Computer-controlled MTS-type electro-hydraulic testing system with a maximal applicable pressure of 100 bar (Figures 2and4) was used for executing the fatigue tests. The testing frequency values were 0.2-0.5 for FSPSi (i = 1 … 8) and 0.05-0.066 for FSPS9 pipeline section (Table 2), depending on the volume of the investigated pipe section; the programmed load was in all cases a sinusoidal type (Figure 7). The planned number of cycles for the fatigue tests was 100,000 cycles.

Figure 7: The screen of the MTS control system illustrating the sinusoidal type programmed internal pressure (blue function).

An own developed, similarly computer-controlled testing system with a maximal applicable pressure of 700 bar (Figures 3and4) was applied for the burst tests. Both the internal pressure and the volume expansion values were registered during the burst tests per seconds.  

The applied testing media during both the fatigue and the burst tests was water and the testing temperature was 20-25° C. 

3 Results and Discussion 

The number of cycles of the fatigue tests was 100,000 cycles except for one pipeline section (FSPS9). One of the welded fittings (DN25) of pipeline section FSPS9 started to leak; therefore, the fatigue test was stopped (94.050 cycles), the fitting was re-welded, but the fatigue test was not continued. During the fatigue tests, neither the surfaces nor the girth welds of the pipeline sections were damaged. Repeated RT of the girth welds showed no changes (Table 3). 

The following diagrams and figures demonstrate the results of the full-scale burst tests, and table summarizes the full-scale test results. 

Figure 8 illustrates the internal pressure vs. burst test time diagrams of the investigated DN300 pipeline sections (FSPSi, i = 1, 2, 3), where the arrows indicate the burst points. The average pressure growth rate values in the first stage, between 0 bar and approximately 60 bar of the tests are 6.0 bar/s, 5.3 bar/s, and 8.2 bar/s, respectively. All three average pressure growth rate values can be evaluated as quasi-static values, and the greatest value cannot considered as dynamic impact.

Figure 8: Internal pressure vs. burst test time diagrams during the burst tests of the FSPSi (i = 1, 2, 3) DN300 pipe sections, including indicated burst points with arrows.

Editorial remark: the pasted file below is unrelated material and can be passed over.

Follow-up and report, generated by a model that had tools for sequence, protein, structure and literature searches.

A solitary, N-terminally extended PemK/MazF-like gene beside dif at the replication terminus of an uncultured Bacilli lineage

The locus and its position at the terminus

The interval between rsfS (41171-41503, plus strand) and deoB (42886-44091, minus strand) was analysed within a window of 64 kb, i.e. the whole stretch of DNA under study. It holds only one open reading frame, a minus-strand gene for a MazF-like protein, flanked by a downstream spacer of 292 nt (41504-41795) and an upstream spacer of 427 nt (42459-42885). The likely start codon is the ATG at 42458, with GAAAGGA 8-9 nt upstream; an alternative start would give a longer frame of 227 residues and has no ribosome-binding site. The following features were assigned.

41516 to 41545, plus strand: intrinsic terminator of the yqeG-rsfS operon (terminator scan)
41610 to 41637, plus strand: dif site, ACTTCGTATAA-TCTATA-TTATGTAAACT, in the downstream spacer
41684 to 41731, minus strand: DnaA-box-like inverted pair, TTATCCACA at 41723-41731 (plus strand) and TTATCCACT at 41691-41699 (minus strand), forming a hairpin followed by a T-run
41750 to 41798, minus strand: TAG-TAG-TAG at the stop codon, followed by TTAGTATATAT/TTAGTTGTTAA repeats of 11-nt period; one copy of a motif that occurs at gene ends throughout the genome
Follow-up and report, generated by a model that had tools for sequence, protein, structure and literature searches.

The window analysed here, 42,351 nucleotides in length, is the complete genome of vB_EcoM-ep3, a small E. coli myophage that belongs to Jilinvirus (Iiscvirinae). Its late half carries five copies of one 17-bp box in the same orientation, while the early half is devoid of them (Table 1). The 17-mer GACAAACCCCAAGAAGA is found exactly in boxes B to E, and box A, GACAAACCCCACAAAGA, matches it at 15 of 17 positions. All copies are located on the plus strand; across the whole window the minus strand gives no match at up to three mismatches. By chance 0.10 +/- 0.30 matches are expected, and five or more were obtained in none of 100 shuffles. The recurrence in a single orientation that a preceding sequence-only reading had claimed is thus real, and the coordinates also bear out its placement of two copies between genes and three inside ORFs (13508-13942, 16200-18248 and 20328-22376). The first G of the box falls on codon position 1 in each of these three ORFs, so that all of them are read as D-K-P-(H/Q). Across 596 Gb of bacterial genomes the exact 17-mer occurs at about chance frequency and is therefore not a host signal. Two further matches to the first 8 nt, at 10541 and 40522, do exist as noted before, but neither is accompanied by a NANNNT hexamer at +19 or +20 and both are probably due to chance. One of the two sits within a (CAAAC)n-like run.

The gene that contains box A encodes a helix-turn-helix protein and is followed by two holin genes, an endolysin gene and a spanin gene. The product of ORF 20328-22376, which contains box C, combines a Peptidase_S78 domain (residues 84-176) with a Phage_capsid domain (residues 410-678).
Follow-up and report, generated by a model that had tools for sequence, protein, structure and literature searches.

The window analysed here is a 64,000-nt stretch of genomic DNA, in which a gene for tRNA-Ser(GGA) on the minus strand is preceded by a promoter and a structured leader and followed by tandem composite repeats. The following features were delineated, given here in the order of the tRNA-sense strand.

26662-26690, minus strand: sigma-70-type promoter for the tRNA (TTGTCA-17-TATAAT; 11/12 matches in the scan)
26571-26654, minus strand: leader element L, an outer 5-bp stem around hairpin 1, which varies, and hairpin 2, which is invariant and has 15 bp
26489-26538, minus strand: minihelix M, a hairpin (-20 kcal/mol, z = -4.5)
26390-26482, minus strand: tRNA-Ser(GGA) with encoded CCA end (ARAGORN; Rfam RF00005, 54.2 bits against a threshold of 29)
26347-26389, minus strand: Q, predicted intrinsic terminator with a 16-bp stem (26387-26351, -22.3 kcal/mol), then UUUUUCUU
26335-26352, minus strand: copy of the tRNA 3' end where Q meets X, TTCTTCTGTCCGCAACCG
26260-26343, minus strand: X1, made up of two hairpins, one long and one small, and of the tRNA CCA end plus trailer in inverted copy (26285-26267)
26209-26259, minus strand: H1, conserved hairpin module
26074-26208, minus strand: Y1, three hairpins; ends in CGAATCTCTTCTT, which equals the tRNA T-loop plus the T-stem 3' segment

Other characteristics of the diagrams are the same; the tines-like changes of the diagrams demonstrate the volume expansions of the sections. During the tines-like changes (Figure 8) and in similar figures further on, the system draws water from the water supply network to make up for the increase in volume due to the elastic–plastic deformation of the investigated pipeline section.  

Figure 9 shows the volume expansion of the FSPSi (i = 1, 2, 3) pipe sections during their burst tests. The stairs of the curves are important characteristics of the tests and the testing system; the horizontal stages belong to the water intakes from the external water system to the testing system, which is the result of the elastic-plastic deformation (expansion) due to an increase in internal pressure.

Figure 9: Volume expansion vs. burst test time diagrams during the burst tests of the FSPSi (i = 1, 2, 3) DN300 pipe sections.

Figure 10 shows the FSPS2 pipeline section during and after its burst tests, which clearly demonstrates that the failure did not take place in the girth weld located in the middle of the section. The load-bearing capacity of the assembly girth weld was lower than that of the tested girth weld. 

The FSPS3 pipeline section during and after its burst tests, which clearly demonstrates that the failure take place in the girth weld located in the middle of the section (Figure 10). 

Figures 10and 11 adequately illustrate the volume expansions and the swelling of both pipe sections during the burst tests.

Figure 12 illustrates the internal pressure vs. burst test time diagrams of the investigated DN350 pipeline section (FSPS4), containing two test girth welds. For both girth welds containing unacceptable welding discontinuities, a slight leakage was detected, which resulted in a pressure drop and water intake from the water supply network.

Figure 12: Internal pressure vs. burst test time diagrams during the burst tests of the FSPS4 DN350 pipe section, including indicated burst points with arrows.

The leakage continued during the water intake, water was drawn, and as the pressure increased, one of the seams continued to leak, but the other one ruptured. Due to the fact that both girth welds were damaged during the burst test, the nature of the diagram is different from the previous cases.  

The two arrows this time belong to the beginning of the two damages. The pressure growth rate value was quasi-static in this case, too.  

Figure 13 shows the volume expansion of the FSPS4 pipe section during its burst test; furthermore, The pipe section after the burst test, in which water is still trickling from one of the damaged girth welds (Figure 14). It is also possible to observe the different plastic deformation characteristics of the pipe section areas between the individual girth welds.

Figure 16illustrates the internal pressure vs. burst test time diagrams of the investigated DN600 pipeline sections (FSPSi, i = 7, 8), where the arrows indicate the burst points in these cases, too. The average pressure growth rate values in the first stage are 1.8 bar/s and 1.9 bar/s, respectively; hence, these values can be evaluated as quasi-static values, and those cannot consider as dynamic impact.